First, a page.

It shouldn't work long term. The reason is 2 fold. First is that the organic matter dam must be constantly protected and renewed by the material around it. In the wofati instead you are creating an environment where its growth is discouraged and the growth of predator/digestor organics is encourage. So over time it would tend to self destruct. Second is the fact that unlike plastic this material does leak a little continously. So now you are bringing in some moisture and also likely leaking radon gas. Not good for long term human health. Especially if you seal the building so you are not wasting energy heating it in the winter. Stick to the plastics.
 
C. Letellier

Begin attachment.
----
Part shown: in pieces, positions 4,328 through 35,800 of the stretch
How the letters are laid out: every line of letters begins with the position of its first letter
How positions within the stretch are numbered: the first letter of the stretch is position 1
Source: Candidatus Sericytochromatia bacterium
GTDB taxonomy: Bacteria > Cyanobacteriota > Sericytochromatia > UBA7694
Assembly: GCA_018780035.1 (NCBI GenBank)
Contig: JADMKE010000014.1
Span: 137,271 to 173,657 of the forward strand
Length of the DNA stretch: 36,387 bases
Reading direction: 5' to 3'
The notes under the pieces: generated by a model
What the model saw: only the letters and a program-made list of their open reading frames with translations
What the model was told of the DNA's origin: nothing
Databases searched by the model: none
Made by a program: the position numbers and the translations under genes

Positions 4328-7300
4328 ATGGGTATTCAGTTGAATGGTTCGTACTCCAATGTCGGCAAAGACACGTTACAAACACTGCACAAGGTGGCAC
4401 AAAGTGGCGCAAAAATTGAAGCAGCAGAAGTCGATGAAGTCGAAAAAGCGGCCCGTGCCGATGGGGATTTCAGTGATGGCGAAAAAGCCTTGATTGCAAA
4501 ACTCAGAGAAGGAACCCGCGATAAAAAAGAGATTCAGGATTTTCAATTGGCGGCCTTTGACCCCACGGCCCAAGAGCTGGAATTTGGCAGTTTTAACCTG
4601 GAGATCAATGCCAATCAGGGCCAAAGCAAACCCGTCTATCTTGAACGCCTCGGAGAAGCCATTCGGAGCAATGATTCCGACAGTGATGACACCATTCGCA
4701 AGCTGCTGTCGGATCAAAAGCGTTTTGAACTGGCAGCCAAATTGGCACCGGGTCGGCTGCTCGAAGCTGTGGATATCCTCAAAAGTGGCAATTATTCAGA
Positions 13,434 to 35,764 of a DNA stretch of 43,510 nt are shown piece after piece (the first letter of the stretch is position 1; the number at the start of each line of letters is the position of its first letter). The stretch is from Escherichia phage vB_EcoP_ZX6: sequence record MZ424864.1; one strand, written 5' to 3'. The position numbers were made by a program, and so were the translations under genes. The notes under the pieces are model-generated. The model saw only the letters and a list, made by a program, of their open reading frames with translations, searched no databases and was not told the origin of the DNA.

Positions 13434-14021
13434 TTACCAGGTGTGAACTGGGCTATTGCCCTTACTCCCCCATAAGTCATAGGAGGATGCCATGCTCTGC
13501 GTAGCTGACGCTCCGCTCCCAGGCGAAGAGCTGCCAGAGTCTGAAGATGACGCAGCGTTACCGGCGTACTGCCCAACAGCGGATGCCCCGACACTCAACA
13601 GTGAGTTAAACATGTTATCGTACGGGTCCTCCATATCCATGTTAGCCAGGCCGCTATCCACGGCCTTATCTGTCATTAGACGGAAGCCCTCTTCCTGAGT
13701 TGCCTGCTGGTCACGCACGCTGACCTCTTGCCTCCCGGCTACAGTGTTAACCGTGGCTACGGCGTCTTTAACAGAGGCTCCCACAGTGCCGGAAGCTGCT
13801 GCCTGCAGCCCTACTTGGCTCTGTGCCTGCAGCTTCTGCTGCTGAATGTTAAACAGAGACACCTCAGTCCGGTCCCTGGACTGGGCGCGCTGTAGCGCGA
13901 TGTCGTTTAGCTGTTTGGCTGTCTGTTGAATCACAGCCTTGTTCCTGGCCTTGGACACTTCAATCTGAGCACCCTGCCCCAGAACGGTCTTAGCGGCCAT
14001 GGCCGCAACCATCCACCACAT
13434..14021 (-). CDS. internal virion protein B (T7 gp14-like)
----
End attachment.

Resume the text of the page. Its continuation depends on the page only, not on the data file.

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This is interesting because where I live is pure clay and I am in the middle of an area where bentonite is mined on a huge scale. I will share a few things learned here. First off just because a dirt particle is really fine doesn't make it good clay. True clay that is good for pottery and forms good seals is special because of the shape of the particle not just the size. Its chemistry matters too because it has to react with the polar nature of water to form a sort of bond with the surface tension of the water. Clay that is the best for pottery and also the best for sealing is made up of little flat particles. When the potter is turning them on the wheel they are actually arranging those particles into a sort of plywood type layers as they work the clay. This is part of what gives a thrown pot its strength. In sealing those flat particles stack together sort of like shingles keeping the water out. It is the interaction of the shape of the particle, its inherient chemical electric charge and the surface tension of the water that forms the seal. It is not just about sediment grain size.